Most parents I know want their children to fit in. At school, at parties, at church and with friends, fitting in is important. Standing out from the crowd is OK too as long as it’s for the right reasons. One can see this in school when one student is clearly better at soccer than her classmates. Or at the talent show where a young boy plays Mozart instead of lip-syncing to the Jonas Brothers.
Every parent wants his child to feel accepted. A child’s ability to act and communicate appropriately within context plays a big part in this.
I’ve taken this part of raising children for granted. Our first three children spoke early and often. It wasn’t until the fourth child came along that I realized we were in for some challenges in this area.
Our youngest son, who will be three at the end of the month, has trouble communicating with children his age. To be honest, he has great difficulty communicating with anyone besides his mother.
He tries to speak. In his mind, his is speaking. But other than a handful of words here and there, he’s unable to string a sentence together. He speaks with inflection which tells us he is frustrated when others cannot understand him. That Kai recognizes others do not understand him provides us with hope because that’s a step in the right direction.
We’ve learned that each child develops language on his or her own timeframe. It does little good to compare our son to his three older siblings and their rate of speech development. Each one is different. But, by the age of three, he should be further along than he is today. That we know.
We’ve discussed his situation with our pediatrician. The State of Washington provide speech therapy for children of pre-school age, and we’ve been blessed to live in an area where such skillful counselors and therapist can work with our son. I know many people have his best interests in mind and are working to help him make progress so he’ll be ready for Kindergarten.
But it’s still painful to watch. Especially when his frustration mounts and he lashes out physically. This makes him stand out for the wrong reasons.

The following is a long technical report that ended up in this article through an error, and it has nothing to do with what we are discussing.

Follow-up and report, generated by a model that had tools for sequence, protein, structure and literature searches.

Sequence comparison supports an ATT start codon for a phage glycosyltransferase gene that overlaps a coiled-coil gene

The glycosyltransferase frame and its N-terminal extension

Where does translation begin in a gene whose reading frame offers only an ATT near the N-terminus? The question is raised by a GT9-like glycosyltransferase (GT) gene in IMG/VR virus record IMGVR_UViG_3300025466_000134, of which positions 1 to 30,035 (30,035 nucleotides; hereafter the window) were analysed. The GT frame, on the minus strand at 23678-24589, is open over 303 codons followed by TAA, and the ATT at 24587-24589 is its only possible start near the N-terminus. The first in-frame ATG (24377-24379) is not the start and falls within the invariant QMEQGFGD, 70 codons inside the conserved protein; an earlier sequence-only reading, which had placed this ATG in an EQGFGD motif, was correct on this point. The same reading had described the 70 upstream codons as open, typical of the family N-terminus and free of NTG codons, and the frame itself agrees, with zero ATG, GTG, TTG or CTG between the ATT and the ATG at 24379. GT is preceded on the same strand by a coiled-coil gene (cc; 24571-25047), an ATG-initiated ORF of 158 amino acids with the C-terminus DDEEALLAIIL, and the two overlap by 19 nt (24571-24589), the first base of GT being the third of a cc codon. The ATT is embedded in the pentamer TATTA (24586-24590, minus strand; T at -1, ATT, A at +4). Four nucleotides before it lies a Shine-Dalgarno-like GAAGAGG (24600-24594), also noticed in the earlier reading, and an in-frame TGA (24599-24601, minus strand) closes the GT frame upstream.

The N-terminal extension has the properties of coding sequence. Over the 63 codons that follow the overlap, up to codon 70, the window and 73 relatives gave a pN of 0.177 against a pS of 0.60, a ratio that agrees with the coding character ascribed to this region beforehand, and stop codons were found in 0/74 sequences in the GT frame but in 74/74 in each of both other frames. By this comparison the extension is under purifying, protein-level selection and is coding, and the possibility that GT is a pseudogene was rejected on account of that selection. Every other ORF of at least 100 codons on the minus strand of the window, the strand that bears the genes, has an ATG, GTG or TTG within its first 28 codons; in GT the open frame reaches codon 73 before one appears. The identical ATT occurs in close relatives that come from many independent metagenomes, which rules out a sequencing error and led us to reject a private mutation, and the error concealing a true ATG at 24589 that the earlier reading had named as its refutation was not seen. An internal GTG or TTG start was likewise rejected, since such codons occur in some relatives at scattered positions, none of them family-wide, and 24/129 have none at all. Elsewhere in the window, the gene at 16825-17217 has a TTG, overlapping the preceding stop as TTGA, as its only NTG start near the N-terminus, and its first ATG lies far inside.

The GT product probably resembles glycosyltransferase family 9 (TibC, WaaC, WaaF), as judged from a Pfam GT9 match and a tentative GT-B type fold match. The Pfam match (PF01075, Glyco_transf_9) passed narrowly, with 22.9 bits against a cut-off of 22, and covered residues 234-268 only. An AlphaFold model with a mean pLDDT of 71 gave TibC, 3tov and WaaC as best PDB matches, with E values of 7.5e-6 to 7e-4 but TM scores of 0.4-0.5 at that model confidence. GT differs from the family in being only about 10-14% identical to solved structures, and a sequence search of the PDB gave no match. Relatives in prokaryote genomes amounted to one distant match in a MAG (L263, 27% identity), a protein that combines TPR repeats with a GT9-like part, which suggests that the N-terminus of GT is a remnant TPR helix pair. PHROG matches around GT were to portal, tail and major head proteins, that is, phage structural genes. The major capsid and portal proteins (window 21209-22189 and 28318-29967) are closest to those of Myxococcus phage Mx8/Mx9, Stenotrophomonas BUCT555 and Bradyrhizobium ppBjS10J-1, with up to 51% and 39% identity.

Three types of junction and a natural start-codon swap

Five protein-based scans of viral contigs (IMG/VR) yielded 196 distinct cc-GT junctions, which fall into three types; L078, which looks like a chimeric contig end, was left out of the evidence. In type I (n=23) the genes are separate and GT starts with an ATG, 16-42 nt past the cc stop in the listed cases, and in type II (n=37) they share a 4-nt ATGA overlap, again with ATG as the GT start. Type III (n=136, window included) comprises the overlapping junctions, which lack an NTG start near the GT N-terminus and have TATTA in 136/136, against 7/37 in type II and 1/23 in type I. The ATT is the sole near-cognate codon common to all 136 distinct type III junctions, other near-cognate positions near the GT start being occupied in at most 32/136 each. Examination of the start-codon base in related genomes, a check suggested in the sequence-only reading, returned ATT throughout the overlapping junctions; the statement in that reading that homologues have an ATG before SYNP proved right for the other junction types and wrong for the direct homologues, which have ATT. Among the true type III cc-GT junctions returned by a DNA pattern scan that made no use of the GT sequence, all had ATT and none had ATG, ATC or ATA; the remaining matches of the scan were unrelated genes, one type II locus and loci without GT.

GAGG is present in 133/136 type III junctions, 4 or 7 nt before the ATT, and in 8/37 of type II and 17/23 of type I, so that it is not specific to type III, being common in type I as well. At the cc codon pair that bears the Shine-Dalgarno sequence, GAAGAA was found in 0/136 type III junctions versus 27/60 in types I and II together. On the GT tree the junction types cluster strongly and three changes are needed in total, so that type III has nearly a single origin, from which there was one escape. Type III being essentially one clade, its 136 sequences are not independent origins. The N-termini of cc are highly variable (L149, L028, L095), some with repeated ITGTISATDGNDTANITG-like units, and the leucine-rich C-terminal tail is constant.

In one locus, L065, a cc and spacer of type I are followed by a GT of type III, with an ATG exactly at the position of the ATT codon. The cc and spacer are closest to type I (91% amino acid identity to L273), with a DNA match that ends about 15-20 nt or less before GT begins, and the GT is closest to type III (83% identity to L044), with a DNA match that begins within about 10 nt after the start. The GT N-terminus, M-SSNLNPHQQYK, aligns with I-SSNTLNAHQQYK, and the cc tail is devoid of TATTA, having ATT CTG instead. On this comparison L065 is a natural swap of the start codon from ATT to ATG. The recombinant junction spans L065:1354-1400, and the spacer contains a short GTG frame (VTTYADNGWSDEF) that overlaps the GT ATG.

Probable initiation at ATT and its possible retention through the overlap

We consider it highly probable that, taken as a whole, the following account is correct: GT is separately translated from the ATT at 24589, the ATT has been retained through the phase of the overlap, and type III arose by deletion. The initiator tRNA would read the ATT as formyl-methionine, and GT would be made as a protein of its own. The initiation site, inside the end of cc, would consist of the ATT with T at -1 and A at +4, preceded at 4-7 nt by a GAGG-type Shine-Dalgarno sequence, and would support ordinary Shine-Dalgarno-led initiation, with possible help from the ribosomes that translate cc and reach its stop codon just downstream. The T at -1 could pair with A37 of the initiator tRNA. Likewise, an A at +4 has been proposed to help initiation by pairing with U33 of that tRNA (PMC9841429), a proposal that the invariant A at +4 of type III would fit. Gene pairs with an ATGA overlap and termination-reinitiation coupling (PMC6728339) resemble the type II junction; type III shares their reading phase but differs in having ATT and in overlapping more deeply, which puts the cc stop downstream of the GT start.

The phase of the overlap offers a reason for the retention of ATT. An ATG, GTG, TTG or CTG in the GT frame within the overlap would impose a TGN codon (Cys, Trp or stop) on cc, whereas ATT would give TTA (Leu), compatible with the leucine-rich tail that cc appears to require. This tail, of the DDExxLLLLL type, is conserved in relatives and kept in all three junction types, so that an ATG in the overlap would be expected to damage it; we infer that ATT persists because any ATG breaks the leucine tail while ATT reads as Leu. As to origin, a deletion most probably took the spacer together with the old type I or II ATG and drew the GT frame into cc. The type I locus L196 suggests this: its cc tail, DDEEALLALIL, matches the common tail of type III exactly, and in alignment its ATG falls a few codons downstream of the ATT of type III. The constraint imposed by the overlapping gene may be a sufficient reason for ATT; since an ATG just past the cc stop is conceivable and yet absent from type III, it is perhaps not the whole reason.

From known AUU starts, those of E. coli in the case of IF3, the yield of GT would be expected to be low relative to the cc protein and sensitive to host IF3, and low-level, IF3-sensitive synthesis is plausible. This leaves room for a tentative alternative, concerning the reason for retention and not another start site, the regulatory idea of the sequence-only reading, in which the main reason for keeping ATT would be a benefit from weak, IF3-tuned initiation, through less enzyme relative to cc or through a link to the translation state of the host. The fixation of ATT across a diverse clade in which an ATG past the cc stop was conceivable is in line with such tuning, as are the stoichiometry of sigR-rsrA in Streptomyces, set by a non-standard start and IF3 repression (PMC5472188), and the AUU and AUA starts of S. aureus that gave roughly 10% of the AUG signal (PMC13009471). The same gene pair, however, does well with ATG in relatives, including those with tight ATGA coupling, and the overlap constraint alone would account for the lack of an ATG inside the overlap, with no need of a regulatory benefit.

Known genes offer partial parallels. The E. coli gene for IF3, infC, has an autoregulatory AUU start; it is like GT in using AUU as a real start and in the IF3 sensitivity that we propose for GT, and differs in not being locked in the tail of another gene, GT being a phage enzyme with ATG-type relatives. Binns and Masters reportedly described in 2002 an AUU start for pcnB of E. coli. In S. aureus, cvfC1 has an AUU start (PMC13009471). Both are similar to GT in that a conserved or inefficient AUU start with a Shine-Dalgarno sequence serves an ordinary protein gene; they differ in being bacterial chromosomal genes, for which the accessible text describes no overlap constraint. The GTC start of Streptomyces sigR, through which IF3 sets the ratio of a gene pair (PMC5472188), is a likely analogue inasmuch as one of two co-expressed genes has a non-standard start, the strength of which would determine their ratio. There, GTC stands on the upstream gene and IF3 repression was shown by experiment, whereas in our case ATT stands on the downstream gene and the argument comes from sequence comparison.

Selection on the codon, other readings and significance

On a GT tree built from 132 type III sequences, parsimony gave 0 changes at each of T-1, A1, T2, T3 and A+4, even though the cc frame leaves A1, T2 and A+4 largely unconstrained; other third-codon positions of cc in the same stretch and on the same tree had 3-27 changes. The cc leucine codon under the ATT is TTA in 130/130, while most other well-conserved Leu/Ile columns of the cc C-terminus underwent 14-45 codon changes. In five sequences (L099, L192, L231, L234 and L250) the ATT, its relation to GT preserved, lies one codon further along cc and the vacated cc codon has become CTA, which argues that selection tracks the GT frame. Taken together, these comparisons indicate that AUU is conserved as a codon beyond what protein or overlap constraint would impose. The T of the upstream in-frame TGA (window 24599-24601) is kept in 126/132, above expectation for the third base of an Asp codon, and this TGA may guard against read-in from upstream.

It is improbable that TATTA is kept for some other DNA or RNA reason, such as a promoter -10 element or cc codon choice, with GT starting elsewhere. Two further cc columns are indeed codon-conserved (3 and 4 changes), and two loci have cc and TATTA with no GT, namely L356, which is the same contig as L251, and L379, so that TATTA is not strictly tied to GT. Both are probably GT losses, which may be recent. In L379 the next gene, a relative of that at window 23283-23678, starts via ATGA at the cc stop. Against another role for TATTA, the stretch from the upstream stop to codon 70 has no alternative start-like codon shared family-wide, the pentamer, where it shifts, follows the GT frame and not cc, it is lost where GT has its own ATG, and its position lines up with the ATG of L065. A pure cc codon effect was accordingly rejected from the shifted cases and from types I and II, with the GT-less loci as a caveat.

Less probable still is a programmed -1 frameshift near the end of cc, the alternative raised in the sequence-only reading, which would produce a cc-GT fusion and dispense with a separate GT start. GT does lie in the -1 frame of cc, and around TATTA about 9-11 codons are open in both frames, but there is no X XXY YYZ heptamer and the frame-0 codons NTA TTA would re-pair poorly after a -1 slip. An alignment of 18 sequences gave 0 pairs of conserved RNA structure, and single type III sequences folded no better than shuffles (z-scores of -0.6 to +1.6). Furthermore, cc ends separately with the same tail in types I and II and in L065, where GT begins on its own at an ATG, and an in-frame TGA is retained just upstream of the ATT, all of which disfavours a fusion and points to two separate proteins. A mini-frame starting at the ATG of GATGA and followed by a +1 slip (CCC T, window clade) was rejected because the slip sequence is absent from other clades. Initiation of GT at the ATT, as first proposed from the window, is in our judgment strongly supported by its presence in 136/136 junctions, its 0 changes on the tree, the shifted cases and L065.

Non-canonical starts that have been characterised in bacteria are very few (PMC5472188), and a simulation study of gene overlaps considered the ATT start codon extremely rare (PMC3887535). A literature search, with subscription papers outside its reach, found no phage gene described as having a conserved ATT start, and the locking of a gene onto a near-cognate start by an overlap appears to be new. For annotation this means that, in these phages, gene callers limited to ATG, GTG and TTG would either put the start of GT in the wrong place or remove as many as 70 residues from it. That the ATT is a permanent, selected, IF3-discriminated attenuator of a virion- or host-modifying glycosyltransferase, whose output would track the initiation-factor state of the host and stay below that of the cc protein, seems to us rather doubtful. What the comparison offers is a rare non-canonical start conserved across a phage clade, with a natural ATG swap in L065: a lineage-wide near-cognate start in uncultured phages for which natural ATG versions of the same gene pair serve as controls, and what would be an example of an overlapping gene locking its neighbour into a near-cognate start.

I tucked his sisters into bed tonight, and then his brother. When I came to Kai, he pointed at his bed and said a few words I could not understand. I asked him to repeat what he said, and this time I understood the last two words: “by me”. He wanted me to lay next to him like I’d done with his sisters.
So that’s what I did. He wedged himself next to me and gently touched my nose and cheeks. He stared at my face for a while without saying anything. I believe his touch is a way of communicating with me. I wish we could converse. We know he has a long road ahead of him. We pray his speech will improve. Not just so that we can converse with him but so he’ll fit in with children his age.
But for the time being, I have to look for alternative ways of communicating with my son. Like allowing him to help push the lawn mower with me. Or watching his face light up when I toss the baseball before he smacks it across the yard. This is the first time I recall him asking me to lay next to him. I stare into his eyes and wonder what he’s thinking.
“I love you, Kai” I tell him before I kiss him on the forehead and turn off the light.
Kai just looks at me and smiles before leaning over, grabbing my neck and giving me a slobbery kiss on the cheek. He doesn’t say a word.
He doesn’t have to.